Want to know what’s Google’s secret sauce?
Google’s Chief Social Evangelist dishes out the tech giant’s Success recipe.
From Fast Company 20 Nov 13 enhanced by Peter/CXO Wiz4biz
Ever wonder what makes the Google so dominating and creative? There’s no magic in the drinking water at the Mountain View, CA company. The tech giant draws from what Google’s chief social evangelist, Gopi Kallayil, calls the “9 Core Principles of Innovation. Kallayil shared his insights at this week’s” SalesForce.com’s Dream Force conference in San Francisco. Here are the 9 rules that any enterprise, large or small, can use to adopt Google’s innovative culture.
1. Innovation comes from Everywhere It can come from the “top down” as well as the “bottom up”, and in other places you least expect. For example, a medical doctor on Google’s staff argued persuasively that Google had a moral obligation to extend help to those typing searches under the phrase “how to commit suicide.” He ignited the charge to adjust the search engine’s response, so that the top of the screen reveals the toll free phone number for the National Suicide Prevention Hotline. The call volume went up by 9% soon thereafter. The same change has been adopted in many other countries.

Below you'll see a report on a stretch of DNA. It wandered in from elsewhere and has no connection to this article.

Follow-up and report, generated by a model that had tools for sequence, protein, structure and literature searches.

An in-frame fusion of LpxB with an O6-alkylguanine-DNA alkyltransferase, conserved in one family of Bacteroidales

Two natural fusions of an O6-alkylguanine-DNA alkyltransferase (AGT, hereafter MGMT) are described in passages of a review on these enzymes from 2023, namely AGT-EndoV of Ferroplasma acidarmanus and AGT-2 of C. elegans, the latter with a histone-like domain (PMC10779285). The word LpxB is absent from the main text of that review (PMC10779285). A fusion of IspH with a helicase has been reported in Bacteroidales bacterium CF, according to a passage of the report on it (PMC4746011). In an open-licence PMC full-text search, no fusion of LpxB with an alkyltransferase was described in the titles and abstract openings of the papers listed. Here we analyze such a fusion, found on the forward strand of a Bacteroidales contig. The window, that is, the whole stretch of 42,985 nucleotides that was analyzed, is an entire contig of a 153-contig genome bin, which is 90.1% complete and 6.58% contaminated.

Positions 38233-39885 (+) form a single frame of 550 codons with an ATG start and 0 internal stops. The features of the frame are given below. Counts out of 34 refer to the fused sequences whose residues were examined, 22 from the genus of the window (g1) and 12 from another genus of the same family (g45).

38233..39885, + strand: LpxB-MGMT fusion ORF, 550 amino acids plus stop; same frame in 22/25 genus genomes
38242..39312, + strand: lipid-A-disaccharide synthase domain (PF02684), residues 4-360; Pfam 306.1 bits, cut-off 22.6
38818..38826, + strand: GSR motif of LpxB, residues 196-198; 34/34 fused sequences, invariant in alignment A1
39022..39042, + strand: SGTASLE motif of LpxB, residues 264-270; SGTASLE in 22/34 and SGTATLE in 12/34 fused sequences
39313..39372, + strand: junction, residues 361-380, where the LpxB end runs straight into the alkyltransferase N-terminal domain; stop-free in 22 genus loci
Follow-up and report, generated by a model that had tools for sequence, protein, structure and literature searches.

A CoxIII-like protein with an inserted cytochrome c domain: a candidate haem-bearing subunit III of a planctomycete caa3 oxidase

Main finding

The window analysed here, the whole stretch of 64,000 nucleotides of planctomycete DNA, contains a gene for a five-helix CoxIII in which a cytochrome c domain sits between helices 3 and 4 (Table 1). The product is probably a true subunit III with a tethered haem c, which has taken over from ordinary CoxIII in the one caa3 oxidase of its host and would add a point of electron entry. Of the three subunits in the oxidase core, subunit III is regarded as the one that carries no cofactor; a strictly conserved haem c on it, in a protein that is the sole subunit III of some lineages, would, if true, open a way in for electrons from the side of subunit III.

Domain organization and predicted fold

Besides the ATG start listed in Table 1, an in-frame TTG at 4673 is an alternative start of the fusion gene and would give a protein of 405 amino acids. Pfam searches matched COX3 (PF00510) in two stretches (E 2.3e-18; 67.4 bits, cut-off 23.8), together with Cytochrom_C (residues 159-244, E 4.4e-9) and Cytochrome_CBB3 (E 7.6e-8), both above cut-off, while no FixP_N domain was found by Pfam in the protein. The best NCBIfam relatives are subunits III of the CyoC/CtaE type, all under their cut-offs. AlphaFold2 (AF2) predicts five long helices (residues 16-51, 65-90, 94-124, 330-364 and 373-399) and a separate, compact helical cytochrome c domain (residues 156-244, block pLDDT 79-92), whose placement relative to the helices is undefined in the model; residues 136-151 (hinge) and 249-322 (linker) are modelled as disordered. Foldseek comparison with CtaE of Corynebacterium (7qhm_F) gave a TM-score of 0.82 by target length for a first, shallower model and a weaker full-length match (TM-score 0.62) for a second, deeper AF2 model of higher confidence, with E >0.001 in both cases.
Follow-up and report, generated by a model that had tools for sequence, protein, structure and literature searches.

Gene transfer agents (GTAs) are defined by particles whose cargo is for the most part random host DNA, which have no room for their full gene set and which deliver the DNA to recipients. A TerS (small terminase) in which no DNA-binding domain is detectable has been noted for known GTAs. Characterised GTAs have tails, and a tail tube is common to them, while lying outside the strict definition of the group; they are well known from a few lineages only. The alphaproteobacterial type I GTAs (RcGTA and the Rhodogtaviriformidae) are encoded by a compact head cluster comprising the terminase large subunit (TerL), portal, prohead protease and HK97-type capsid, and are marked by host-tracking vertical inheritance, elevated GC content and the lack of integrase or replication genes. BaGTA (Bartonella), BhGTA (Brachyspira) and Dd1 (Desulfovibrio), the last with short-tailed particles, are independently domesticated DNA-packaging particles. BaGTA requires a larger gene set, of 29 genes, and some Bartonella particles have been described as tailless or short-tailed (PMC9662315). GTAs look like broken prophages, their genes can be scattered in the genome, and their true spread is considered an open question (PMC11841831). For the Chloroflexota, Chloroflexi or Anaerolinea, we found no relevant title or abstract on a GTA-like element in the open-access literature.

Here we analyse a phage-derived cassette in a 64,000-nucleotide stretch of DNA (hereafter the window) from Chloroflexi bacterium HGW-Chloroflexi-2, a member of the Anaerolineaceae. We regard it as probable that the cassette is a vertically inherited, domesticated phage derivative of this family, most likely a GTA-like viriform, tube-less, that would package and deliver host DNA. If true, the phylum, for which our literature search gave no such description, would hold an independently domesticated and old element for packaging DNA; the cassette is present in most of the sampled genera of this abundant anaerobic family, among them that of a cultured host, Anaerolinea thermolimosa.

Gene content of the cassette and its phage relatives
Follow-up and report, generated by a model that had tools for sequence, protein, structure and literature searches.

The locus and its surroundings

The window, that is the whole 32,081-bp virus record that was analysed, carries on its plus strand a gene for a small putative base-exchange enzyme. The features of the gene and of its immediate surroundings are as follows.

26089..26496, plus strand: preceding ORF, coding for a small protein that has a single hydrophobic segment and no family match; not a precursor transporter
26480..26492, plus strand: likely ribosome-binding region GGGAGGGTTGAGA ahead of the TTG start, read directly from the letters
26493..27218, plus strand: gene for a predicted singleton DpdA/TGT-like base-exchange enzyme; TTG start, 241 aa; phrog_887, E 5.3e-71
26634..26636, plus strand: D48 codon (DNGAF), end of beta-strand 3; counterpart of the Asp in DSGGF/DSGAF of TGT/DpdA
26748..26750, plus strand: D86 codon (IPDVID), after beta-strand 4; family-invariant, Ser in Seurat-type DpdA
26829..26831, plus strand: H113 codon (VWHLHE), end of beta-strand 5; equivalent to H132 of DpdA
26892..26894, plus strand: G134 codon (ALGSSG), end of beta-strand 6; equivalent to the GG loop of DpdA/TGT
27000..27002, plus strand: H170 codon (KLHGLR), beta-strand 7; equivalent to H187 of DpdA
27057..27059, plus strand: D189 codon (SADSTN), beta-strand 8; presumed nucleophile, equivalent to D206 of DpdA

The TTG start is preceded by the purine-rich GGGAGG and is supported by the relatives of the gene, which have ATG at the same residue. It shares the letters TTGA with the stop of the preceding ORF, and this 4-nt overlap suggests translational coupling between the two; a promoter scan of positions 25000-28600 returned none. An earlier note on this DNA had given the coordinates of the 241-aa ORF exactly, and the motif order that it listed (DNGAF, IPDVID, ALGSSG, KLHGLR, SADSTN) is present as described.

2. Focus on the User first – Worry about the money later, because it will eventually follow. Google improved the speed of its search capabilities with predictive analysis so search suggestions come up after the user types a few keystrokes. This Instant Search feature saves the user a few micro-seconds with each entry. Google Sales Reps were concerned that this shortened the time customers would view ads, but the company went ahead and believed that it was worth the risk.
The Results. Thanks to Instant Search, Google estimates the time saved is equivalent to giving back mankind 5,000 years after a year of collective use. “Create a great user experience and the revenue will take care of itself,” says Kallayil. In addition, more customers will be attracted to your product’s increased benefits.
3. Aim to be 10 x better. If you come into work thinking that you will improve things by at least 10%, you will only see incremental change. If you want radical & revolutionary innovation, think 10 times improvement, and that will force you to think outside the box. For example, in 2004, Google started its Google Books project and set forth a challenge to organize all the world’s information and digitize all the books ever printed in history. Google co-founder Larry Page built his own book scanner, and the initial process required having someone manually turn its pages in rhythm, one at a time, according to the pace of a metronome. Google has now scanned 30 million of the 130 M books they first set out to scan, and dozens of libraries around the world are participating in the project.
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